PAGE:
He appealed to state assemblies to fast-track their work on pending constitutional amendments which would give legal backing to local government autonomy.
He cautioned that the position of the Senate that financial institutions should support the implementation of the new guidelines, contravenes Section162(6&7) of the 1999 constitution as amended.
Section 162(6&7) states that “Each State shall maintain a special account to be called “State Joint Local Government Account” into which shall be paid all allocations to the local government councils of the state from the Federation Account and from the government of the state;
“Each state shall pay to local government councils in its area of jurisdiction such proportion of its total revenue on such terms and in such manner as may be prescribed by the National Assembly”, he said.
He warned that if any section of the constitution is flouted, governors may challenge the move in court. He said the best option was to amend the various sections of the constitution to grant full autonomy to local governments.
Governors head to court
Little wonder that three months after, precisely last week, the 36 states governors resolved to approach the court on constitutionality or otherwise of the operational guidelines of NFIU particularly as regards the management of the states and local government joint accounts.
Specifically, the governors made their rejection on the policy known on Thursday last week, August 22, 2019, when they met in Abuja over the local government’s allocations from the federation account.
According to them, the NFIU Act 2018 does not have the power to say how local government finances should be used let alone, imposing sanctions. The governors as disclosed by an insider, resorted to court action when efforts made by them for an intervention from the presidency failed.
According to the source, “All the governors have resolved that we should take the battle to the court for a clear cut decision which will guide the present generation of governors and their successors.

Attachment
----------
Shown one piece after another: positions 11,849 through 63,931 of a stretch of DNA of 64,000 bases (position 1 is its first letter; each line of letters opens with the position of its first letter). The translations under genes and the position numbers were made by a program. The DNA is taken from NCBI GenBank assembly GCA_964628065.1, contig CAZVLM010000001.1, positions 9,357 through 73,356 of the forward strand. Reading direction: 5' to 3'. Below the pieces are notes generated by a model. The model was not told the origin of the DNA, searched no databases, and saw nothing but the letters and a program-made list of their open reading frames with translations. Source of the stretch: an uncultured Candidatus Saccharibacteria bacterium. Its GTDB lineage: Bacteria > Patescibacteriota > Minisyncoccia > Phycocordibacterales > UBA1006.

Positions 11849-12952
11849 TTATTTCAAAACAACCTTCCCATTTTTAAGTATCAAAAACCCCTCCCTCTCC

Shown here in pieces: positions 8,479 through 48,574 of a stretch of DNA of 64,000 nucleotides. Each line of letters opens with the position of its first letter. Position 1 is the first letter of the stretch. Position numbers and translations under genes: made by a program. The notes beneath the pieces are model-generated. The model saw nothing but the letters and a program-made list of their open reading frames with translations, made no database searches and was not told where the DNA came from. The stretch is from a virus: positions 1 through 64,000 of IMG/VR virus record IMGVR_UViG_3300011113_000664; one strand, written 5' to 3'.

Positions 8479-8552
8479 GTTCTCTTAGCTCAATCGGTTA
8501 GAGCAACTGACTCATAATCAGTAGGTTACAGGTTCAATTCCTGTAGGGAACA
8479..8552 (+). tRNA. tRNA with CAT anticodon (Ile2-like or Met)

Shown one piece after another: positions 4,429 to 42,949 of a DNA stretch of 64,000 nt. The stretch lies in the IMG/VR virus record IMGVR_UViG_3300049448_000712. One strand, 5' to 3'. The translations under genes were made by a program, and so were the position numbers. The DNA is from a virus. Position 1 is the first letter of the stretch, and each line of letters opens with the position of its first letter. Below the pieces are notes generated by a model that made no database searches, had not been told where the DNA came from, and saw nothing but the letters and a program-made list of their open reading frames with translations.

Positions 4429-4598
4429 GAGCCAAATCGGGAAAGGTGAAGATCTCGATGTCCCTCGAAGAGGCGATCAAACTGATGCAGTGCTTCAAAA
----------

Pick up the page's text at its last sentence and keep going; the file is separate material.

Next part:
“We want the court to interpret Section 7(6) (a) and (b) and Section 162(6), (7), and (8) of the constitution.
“If you look at Section 7(6) (a) and (b) of the constitution, it gives the National Assembly and the State House of Assembly the powers to make provisions for statutory allocation of public revenue to the local councils in the federation and within the state respectfully…
“We see the whole matter as constitutional; we prefer to go to court instead of sleeping over our rights. The guidelines of the intelligence unit as far as we, the governors, are concerned, are very much illegal, unconstitutional and cannot be binding on us.
“Some of us tried as much as possible to prevail on the presidency to broker peace between the Governors’ Forum and the NFIU, but the latter was not forthcoming.
“At our meeting, we realized that we have a strong case. We will fight to the end. The beauty of democracy is that the judiciary is the arbiter”.
Obviously, the decision of the governors to approach the court on NFIU’s operational guidelines will help in deepening the practice of constitutional democracy in the country.
We see the whole matter as constitutional; we prefer to go to court instead of sleeping over our rights. The guidelines of the intelligence unit as far as we, the governors, are concerned, are very much illegal, unconstitutional and cannot be binding on us.